Will it haunt you or save you?
I often get asked by the new students I train at Young Drivers of Canada if I drive the way I teach. The quick answer is yes. For the almost 24 years that I’ve been an instructor compared to the over 30 years I’ve driven, I honestly can’t remember much of my driving life before I came to Young Drivers of Canada. Based on what happened the other day I was very glad I practiced what I preached.
I was sitting at a T-intersection at a red light, waiting for the light to change. Traffic was stopped behind me and I was first in line. When the traffic light changed to green, I checked to the left, centre and right before proceeding. That’s something we teach all of our students to do when they’re learning to drive. I personally try to nag them enough that they’ll eventually do it without my coaching. I’m glad I did do that scan the other day because to my right was a driver blowing through their red light. What would the damage to my car or my body be like if I shrugged it off and just went because the light was green? Would I even make it out of the vehicle on my own?
Considering that most crashes occur at intersections, why would I trust that the fact that just because my light was green that it would be safe to proceed? What do you do before you walk across the street, even though the walk symbol is saying “walk”? You check to see if the cars have all stopped don’t you? Why not do that as a driver? Remember, red lights don’t stop cars; drivers stop cars.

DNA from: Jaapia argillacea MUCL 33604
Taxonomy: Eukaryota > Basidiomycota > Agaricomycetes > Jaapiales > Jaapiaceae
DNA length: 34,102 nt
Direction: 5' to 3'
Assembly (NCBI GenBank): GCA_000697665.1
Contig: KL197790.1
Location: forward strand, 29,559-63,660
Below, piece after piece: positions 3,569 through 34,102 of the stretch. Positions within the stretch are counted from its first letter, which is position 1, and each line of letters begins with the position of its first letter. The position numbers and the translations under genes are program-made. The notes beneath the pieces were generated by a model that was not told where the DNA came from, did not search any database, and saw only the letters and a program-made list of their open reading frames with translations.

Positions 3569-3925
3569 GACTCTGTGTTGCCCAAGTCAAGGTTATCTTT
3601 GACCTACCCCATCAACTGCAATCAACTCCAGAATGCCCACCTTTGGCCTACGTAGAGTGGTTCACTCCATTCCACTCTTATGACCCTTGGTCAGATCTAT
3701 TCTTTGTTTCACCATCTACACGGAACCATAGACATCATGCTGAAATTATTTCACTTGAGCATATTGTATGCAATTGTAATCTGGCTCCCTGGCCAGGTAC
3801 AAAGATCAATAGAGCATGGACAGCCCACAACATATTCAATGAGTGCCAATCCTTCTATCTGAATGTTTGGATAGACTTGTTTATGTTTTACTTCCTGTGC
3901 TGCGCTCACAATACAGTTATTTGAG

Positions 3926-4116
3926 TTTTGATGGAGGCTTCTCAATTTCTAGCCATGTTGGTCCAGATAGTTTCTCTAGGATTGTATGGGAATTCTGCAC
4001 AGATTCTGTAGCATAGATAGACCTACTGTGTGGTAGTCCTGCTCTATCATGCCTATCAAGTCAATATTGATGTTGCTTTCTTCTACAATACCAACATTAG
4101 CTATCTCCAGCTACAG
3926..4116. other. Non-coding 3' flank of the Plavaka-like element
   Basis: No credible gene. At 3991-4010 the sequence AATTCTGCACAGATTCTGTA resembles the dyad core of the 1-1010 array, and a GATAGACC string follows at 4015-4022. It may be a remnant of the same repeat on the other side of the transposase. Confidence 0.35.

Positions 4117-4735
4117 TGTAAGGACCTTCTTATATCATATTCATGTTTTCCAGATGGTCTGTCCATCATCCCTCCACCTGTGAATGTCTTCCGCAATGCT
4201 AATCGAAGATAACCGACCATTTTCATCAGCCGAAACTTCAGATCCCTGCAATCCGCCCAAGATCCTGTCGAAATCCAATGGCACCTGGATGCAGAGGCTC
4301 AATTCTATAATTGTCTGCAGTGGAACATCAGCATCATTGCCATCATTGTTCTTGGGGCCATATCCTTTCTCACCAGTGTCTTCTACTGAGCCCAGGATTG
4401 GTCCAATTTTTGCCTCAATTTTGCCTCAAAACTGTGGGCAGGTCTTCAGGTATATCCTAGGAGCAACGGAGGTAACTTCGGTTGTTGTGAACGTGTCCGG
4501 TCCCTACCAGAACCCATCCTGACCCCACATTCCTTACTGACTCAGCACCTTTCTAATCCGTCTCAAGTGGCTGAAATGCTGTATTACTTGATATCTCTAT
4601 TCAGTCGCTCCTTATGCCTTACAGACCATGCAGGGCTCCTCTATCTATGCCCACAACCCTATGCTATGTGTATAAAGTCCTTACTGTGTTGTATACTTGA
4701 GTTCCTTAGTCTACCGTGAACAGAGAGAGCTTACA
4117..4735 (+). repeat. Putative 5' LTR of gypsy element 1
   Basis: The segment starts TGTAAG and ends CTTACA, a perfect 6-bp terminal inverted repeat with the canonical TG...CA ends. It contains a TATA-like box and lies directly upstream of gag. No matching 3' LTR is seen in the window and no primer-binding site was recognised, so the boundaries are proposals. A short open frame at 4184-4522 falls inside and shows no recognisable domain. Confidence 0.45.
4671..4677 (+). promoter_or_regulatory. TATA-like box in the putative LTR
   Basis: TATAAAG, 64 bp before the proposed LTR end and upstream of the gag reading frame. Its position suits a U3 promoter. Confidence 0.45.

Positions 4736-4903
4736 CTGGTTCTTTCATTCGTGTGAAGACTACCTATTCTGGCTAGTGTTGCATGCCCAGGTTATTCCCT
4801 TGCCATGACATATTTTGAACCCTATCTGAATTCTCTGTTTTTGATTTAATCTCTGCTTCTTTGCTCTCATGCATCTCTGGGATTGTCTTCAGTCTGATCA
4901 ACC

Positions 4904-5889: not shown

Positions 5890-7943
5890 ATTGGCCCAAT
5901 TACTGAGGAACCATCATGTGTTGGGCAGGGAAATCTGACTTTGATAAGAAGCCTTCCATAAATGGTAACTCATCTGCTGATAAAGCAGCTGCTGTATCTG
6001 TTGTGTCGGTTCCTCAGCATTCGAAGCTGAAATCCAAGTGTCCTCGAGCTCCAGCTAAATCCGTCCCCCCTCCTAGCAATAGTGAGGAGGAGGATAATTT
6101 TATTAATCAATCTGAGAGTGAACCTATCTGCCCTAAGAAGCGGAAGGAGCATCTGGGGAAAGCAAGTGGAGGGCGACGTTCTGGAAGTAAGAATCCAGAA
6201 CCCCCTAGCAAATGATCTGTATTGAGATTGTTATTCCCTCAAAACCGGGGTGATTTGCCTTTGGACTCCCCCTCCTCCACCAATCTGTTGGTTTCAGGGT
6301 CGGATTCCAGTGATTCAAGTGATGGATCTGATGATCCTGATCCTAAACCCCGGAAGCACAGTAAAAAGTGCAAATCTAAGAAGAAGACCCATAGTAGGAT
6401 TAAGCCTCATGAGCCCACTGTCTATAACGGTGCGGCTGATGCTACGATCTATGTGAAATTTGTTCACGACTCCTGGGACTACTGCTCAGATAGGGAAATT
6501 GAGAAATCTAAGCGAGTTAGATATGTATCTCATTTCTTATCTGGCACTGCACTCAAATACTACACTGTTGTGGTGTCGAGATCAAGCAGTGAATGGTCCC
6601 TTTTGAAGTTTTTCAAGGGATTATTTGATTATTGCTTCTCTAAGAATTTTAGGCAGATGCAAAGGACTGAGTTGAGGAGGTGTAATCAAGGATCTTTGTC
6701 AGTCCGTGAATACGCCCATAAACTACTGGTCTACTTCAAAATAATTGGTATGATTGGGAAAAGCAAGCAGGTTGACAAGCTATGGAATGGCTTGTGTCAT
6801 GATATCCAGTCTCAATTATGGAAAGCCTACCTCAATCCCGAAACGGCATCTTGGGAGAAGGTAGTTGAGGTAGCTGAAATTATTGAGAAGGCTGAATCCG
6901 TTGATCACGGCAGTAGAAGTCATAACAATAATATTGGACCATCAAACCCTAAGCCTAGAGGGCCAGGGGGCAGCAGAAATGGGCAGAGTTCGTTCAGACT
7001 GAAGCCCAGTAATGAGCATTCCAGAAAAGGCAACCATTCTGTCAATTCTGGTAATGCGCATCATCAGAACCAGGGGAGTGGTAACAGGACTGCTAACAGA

However, you would never have known someone was running a red light if you don’t check the intersection before applying the gas. Now, the driver who blew through the light realized he did just that and stopped his vehicle – on the opposite side of the intersection – and then he backed up and stopped close to where he should have stopped. Strange. Did he feel bad or did he think that if he stopped and then backed up it would be ok? Whatever his reasons were, he did just that; he backed up to where he should have stopped and then waved me to continue through the intersection. How nice of him.
The good news was that I had barely moved. By checking the intersection before moving, I haven’t risked my safety from the vehicles behind me. Why look to see if it’s clear while you’re going? That’s the same as stepping onto the road and then looking to see if any vehicles were coming. Why bother?
As I continued along the road, the driver who tried to smash my car into a paperweight ended up being behind me, but in the next lane. Regardless of what my speed was, he never passed me. Was he embarrassed? Who knows, but it just may be possible that he learned something; to always pay attention when you’re driving. It could save a life of someone you may actually know.
So there you have it; practice what you preach. You never know when it may come back to haunt you…or save your life.